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Horlicks bombs and kamikaze dogs: New book details plans to disrupt Prince Charles’ investiture in 1969

27 Mar 2023 6 minute read
An FWA march in Machynlleth.

The story of how a bomb was made out of a Horlicks tube as part of a protest against the investiture of Prince Charles will be detailed in a new book set to be published this month.

The homemade device made by a man dubbed ‘The Barnes Wallis of Wales’, was created in a bid to free the Welsh from the ‘English yoke’ and derail Prince Charles’ investiture in Caernarfon in 1969.

The bomb barely caused a ripple when it was tested, forcing Free Wales Army (FWA) and its leader, Cayo Evans back to the drawing board.

Charles and the Welsh Revolt – The Explosive Start to King Charles III’s Royal Career by Arwel Vittle, details bizarre plots which included kamikaze dogs and manure to disrupt the 1969 ceremony at Caernarfon Castle, which also saw four other bombs planted by the militant group, MAC (Mudiad Amddiffyn Cymru).

Queen Elizabeth II crowns Charles as Prince of Wales during his Investiture ceremony on 1 July 1969.


The story of the Horlicks bomb is remembered in Vittle’s new book by journalist Lyn Ebenezer, who recalls travelling to a remote area with Cayo Evans in the run up to the royal proceedings.

Ebenezer said: “What was there was about 20 FWA lads testing a new bomb. The bomb had been made out of a Horlicks tube and the guy who made the bomb lived in Llangollen.

“Cayo introduced him as ‘The Barnes Wallis of Wales,’ whose bomb is going to release us from the English yoke.”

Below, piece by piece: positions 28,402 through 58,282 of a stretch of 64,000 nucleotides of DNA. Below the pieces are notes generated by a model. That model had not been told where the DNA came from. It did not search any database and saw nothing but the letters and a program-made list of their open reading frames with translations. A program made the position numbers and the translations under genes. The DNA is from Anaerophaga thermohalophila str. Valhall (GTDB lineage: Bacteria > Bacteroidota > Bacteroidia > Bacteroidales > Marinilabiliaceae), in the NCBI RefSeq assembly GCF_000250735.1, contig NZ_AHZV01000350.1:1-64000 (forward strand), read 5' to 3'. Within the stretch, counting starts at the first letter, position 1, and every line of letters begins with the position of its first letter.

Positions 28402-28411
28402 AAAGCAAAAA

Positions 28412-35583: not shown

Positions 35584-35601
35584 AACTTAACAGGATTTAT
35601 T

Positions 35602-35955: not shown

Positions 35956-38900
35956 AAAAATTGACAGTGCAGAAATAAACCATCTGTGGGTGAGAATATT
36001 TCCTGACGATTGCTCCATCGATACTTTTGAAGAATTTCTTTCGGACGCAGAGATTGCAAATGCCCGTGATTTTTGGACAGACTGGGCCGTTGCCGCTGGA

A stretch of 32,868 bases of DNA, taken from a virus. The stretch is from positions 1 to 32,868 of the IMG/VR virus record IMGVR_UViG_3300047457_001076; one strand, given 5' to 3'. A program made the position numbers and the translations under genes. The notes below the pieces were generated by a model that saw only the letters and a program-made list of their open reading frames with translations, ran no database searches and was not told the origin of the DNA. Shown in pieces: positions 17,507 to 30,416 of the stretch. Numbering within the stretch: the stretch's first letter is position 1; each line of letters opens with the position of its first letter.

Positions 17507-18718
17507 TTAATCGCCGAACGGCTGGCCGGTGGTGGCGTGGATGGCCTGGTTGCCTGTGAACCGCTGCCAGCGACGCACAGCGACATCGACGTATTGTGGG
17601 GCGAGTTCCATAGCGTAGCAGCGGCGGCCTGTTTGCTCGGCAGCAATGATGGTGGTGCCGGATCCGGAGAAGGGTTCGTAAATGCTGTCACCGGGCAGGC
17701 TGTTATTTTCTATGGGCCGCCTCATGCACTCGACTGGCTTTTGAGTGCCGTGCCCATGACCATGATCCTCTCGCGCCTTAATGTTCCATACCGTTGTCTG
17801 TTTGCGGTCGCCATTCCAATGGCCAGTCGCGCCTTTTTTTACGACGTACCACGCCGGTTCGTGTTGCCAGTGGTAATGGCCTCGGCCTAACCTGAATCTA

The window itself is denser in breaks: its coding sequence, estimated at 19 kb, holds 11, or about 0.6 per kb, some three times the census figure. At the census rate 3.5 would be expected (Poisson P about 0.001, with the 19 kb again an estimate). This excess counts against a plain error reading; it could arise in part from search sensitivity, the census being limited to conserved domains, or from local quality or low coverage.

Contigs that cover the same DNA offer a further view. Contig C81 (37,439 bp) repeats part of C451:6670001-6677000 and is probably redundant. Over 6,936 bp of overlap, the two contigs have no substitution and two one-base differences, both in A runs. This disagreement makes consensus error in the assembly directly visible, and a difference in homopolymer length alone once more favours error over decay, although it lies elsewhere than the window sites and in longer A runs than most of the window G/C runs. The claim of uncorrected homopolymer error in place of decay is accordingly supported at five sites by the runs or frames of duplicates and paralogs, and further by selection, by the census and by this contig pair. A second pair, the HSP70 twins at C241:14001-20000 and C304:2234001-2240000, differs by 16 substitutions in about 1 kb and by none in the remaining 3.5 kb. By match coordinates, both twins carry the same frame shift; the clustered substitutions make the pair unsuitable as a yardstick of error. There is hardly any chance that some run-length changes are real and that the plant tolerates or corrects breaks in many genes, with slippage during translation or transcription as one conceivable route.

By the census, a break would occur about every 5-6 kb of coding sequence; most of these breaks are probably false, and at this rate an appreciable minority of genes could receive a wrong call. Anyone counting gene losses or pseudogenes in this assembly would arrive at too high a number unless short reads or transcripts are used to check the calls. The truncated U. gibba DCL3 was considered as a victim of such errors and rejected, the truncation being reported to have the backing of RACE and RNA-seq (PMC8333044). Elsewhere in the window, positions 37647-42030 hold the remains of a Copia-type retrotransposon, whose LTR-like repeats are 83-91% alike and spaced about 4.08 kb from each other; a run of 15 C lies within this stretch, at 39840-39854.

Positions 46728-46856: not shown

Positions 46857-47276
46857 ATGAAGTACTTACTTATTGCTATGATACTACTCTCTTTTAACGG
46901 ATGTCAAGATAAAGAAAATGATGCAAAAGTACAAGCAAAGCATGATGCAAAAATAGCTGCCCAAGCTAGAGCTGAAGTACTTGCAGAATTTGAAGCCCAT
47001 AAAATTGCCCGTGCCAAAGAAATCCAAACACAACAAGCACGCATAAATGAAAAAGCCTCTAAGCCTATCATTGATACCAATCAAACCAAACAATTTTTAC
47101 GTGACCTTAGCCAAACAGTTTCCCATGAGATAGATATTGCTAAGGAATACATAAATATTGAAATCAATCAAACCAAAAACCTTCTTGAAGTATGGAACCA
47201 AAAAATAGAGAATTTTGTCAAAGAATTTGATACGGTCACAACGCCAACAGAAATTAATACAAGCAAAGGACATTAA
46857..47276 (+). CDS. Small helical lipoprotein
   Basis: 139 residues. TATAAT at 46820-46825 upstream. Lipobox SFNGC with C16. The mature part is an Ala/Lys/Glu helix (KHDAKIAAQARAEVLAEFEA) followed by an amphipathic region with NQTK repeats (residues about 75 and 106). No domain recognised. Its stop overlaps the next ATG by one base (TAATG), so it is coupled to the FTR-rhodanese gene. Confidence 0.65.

Barnes Wallis was an English engineer and inventor best known for inventing the bouncing bomb used by the Royal Air Force during World War II.

Recalling the bomb being tested, Ebenezer remembers taking cover behind a stone wall.

Cymdeithas yr Iaith’s rally outside the castle walls on Slate Quay, Caernarfon on St David’s Day 1969 – Photo: National Library of Wales


“I saw the smoke rise from the bomb in the wall, and then after a few seconds came a noise: ‘Pffft.’ A cloud of smoke rose up but no stone was dislodged!

“Sheep were still quietly grazing and none raised their heads.

“And I remember Cayo’s words clearly: ‘F**k it, boys – back to the drawing board!”

The FWA first appeared in public at a 1965 protest against the construction of the Llyn Celyn reservoir near Bala.

On one occasion, an FWA member fitted a harness to a dog, which he said would be used to carry sticks of explosive gelignite.

He had dozens more dogs all trained to carry magnetic devices under Army vehicles.

Bomb damage at the Temple of Peace, Cardiff , November 1967 – Western Mail


The story of the ‘kamikaze dogs’ appeared in newspapers and prompted hundreds of angry letters from dog-lovers.

Another plot included hiring a helicopter to drop farmyard manure on the Prince of Wales’ investiture.

The exploits of the FWA diverted attention from the ‘real bombers’ the MAC, masterminded by John Jenkins who was radicalised by the drowning of the Tryweryn Valley above Bala in Gwynedd.

The Welsh nationalist and British Army soldier was jailed for 10 years for organising explosions in a campaign of sabotage against the investiture.

One device exploded unexpectedly killing two members of the MAC in Abergele and the following day, two more bombs were planted in Caernarfon.

One exploded in a police constable’s garden during a 21-gun salute.

Charles presented by the Queen to the people of Wales – Photo: Trinity Mirror / Mirrorpix / Alamy


Another was planted at Llandudno Pier where the Royal Yacht Britannia was expected to moor, but did not go off.

The second Caernarfon bomb was found by a 10-year-old Buckinghamshire boy playing football whilst on holiday, who lost part of his leg when it exploded.

The late Jenkins is quoted in Vittle’s book as saying: “How the hell do you expect people to celebrate their own defeat?